It’s equivalent to how the king of vanity metric- “pageviews” became de facto metric among marketers, because Google Analytics was omnipresent and so were its page-level metrics.
3. Subscriber level metrics
These are the set of measurements that quantifies your relationship with the subscribers. Instead of evaluating the campaign it sheds light on your subscriber’s relationship with you.
a. Subscriber click rate
I am unsure if other email marketers use this metric, but I had used it myself to identify the most engaged users. I asked around if anybody else has used it or not but didn’t find any company.
What is it?
Like I said, in my previous organization I used to be the “email dude”. There, our frequency used to be at least 4/month for any list. Although, we had lead scoring in place to identify the most engaged audience, once when we had faced leads crunch I figured another way to determine active subscribers aka potential prospect.
Since our frequency was decent enough I tried finding out the subscribers who engaged most with our emails.
To figure that out, I took data of all campaigns ran in last 6 months and determined click rate of individual subscribers. This gave me a table like this:
Subscriber Open rate
To prevent new subscribers, who would have received only a few emails, from skewing the data, I filtered the data for only those subscribers who had received greater than or equal to 10 emails. From this list, I sent the subscribers with a high click-rate to the SDR for personalized one-on-one engagement.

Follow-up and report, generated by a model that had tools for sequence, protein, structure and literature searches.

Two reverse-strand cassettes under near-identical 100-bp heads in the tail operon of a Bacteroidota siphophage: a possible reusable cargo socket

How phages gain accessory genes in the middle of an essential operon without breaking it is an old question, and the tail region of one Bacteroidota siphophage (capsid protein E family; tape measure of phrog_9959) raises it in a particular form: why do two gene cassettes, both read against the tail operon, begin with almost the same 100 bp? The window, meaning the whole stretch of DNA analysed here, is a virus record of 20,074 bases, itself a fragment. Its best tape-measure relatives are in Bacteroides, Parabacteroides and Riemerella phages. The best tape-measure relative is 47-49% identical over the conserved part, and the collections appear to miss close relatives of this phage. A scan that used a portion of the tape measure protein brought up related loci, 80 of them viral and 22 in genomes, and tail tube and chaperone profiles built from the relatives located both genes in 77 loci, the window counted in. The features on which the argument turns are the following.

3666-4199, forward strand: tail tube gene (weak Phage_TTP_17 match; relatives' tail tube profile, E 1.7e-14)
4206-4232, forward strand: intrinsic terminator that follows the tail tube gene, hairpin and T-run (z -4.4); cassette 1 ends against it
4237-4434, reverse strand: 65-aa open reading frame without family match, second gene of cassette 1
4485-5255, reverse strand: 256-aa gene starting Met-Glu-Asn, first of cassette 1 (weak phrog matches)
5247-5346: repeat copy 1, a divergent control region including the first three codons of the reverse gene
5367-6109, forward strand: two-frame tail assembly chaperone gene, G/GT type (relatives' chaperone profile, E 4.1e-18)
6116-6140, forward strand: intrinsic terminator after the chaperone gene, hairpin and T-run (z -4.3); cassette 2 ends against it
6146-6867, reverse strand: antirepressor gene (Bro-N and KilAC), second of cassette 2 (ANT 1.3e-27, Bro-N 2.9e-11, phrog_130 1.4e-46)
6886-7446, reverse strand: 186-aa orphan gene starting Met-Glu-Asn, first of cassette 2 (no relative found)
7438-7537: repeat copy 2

b. Subscriber Recency
Recency is a time-based metric that measures how recently subscriber has engaged with your email. It is not a conventional metric but rather a powerful determinant to suppress your list in order to avoid causing fatigue to your subscribers.
It gives insight into the length of the inactivity of the subscribers.
It is understood that sending emails at short intervals will utterly annoy your subscribers.
By determining the recency of each subscriber you could create recency-based segments and target them accordingly.
|Subscriber||Last Engaged (days ago)|
The common use-case that most companies seem to have adopted is to use recency-based segment to eliminate the degraded or inactive contacts. They create a recency based segment of subscribers who last engaged with their email 6+ months ago. Afterward, they send them a reminder email asking them to resubscribe if they wish to continue receiving emails.
c. Subscriber RFM
RFM stands for Recency, Frequency, and monetary value and clearly the above mentioned metric ‘Recency’ is one component of it.
RFM analysis is a very popular metric used in the retail business to rank customers based on how recently have they purchased (recency), how many have they purchased (frequency), and how much have they spent on the purchase.
Obviously, this metric is meant for evaluating customers alone, but given the enormity of email in the marketing channel mix, modern teams are calculating this score even for subscribers. Basically, calculating the RFM score of customers whose email ID is there in the system as traditional RFM entails calculating RFM of all customers.
So, the definition of each variable evolves as follows:
- Recency- how recently subscriber has engaged with your email
- Frequency- how frequently does he interact with your email
- Monetary- lifetime value
If you wish to explore this metric for your subscribers there is a fantastic guide on Marketingland about the same.
d. List churn rate
This is the measurement of the number of subscribers who unsubscribe or are manually opted out from a list.
List churn rate= (number of total opt-outs/list size)
You could opt out users from the list for any of the following reasons
- They marked you as spam.
- They have been inactive beyond a threshold period.
- They have requested to delete their contact.
- Your email hard bounced from their inbox.
3. Monetary impact
This is the set of measurements that evaluates the monetary impact of your overall email marketing or individual campaigns. It is strongly pursued, and should be pursued if not being done already, in the consumer businesses.